Well Manchester’s loss was Liverpool’s gain but first he had to overcome a worrying and delicate problem – his fervent support of a football club at the other end of the East Lancashire Road. He solved this potential deal breaker by the sheer force of his personality and charm and his move to Liverpool for an undisclosed fee has been a great success because of his vast experience and ability to play in most positions. You will appreciate that whatever I say now is hearsay because by the time he arrived in Liverpool my sell by date had expired and I had long gone.
However, I understand from my network of spies that he has a light touch and a very safe pair of hands. He is popular with his fellow judges and the staff. He lets them get on with the work and is always there with an encouraging word and on hand to give advice and resolve problems. He has just returned from three weeks sitting in the Court of Appeal, Criminal Division in London. That demonstrates the regard in which he is held and I know the Chancellor will support me when I say they do not let just anybody sit in the Court of Appeal.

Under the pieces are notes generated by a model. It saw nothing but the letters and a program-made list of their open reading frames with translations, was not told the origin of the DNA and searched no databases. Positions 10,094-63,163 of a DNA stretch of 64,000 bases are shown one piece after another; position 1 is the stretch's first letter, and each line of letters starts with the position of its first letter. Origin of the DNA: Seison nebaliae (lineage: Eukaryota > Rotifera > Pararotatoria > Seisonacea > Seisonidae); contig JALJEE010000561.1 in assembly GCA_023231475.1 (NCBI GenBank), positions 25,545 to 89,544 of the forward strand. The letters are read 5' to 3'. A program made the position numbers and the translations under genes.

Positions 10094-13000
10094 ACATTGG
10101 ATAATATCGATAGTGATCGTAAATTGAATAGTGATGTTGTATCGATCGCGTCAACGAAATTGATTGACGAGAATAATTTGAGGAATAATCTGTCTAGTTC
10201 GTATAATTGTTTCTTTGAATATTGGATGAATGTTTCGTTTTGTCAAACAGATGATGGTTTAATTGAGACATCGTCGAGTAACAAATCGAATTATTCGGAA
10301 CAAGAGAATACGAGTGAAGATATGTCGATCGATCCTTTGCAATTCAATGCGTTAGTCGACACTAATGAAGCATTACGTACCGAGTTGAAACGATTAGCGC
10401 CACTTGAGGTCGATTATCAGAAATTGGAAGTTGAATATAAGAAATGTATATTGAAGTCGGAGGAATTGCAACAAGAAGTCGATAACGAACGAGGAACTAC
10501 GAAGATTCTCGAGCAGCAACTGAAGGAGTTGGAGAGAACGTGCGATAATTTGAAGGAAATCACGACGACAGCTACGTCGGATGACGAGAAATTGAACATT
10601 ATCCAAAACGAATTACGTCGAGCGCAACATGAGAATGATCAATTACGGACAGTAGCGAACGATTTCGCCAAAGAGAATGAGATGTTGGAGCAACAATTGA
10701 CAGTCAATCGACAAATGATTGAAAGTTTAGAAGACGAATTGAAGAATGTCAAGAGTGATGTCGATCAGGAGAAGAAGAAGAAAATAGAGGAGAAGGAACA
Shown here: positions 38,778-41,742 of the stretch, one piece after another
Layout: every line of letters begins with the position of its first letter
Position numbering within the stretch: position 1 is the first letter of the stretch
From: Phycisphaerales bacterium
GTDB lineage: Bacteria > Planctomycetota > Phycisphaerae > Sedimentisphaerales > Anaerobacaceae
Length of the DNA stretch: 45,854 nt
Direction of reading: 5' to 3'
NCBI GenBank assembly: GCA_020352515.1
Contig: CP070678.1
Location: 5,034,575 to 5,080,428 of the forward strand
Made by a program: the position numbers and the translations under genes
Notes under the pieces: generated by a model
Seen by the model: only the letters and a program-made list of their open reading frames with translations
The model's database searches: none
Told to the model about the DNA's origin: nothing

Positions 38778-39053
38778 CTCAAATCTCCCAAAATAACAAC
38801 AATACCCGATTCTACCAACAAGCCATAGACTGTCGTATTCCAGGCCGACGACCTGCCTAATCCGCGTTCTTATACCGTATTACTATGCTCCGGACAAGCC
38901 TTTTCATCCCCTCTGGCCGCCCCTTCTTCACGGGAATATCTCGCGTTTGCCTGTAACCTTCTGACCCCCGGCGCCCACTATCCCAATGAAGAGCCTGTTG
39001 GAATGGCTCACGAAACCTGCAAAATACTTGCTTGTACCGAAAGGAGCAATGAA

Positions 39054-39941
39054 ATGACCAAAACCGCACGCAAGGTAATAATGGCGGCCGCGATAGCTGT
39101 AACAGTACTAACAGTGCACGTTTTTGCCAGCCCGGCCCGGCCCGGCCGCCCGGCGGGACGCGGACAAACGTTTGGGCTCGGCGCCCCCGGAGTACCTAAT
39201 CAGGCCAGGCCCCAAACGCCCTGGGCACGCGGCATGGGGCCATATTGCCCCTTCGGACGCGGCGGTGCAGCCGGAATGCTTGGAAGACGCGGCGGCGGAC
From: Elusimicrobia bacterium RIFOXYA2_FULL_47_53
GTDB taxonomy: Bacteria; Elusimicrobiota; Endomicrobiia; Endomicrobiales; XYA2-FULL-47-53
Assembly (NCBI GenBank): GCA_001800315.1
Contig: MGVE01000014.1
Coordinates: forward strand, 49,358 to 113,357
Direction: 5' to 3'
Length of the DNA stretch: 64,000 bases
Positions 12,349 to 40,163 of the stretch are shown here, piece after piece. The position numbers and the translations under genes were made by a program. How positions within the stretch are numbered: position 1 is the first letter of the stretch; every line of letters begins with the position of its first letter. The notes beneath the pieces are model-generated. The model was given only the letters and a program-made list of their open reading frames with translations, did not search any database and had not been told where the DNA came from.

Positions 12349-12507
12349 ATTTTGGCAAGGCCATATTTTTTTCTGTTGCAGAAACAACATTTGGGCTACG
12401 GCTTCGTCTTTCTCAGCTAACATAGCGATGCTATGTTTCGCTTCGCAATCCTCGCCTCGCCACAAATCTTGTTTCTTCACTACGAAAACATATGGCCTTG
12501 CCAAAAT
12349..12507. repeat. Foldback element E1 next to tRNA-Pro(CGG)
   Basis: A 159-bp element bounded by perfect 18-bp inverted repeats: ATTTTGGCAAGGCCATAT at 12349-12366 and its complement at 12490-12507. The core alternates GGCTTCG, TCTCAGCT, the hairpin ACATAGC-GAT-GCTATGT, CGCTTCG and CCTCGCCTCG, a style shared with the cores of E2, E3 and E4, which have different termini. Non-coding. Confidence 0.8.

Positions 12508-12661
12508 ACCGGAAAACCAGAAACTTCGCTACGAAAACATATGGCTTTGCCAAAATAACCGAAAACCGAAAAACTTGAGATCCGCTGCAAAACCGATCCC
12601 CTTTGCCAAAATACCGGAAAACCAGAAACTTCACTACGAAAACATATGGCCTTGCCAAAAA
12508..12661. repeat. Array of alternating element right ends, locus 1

Why is it when new initiatives are rolled out, Liverpool Crown Court is generally the testing ground? The answer is because the powers that be know that the judges and staff under the Recorder’s leadership are dedicated professionals. Thus Liverpool was chosen to pilot the procedure for pre-recording the evidence of young and vulnerable witnesses well before the trial. The outcome was so successful that it is now standard practice throughout the country. Very recently Liverpool played an important role in bringing the practice of the law into the 21st Century by introducing a new digital case system whereby the lawyers are able to access cases on line and confer in real time with the judges. This leads to greater efficiency and the speedier resolution of cases and enables the Recorder to have direct access to every case currently listed in the Liverpool Crown Court.
Away from the law, Clement enjoys a lively family life with his wife Vanessa, his sons, Simon, Jonathan and Maurice and their wives and six grandchildren. They are all here today apart from the youngsters. They are easy to spot out front looking very proud as they have every right to be. He plays a mean hand of bridge and is a fine golfer. The Northern Circuit has an annual golf fixture when judges and barristers compete at Formby for the prestigious Carlisle Cup. Speaking as one whose best ever effort 20 years ago, how shall I put it was in the top 50, you may detect a slight degree of envy when I tell you I have seen Clement win the cup not once but twice.
So here is a devoted family man, a leading judge attuned to necessary inevitable change whose public life has been dedicated to the service of others in the administration of justice.
Therefore, it is with great personal pleasure that I present Clement Goldstone, an adopted son of Liverpool, for this civic university’s highest honour, the Fellowship of Liverpool John Moores University.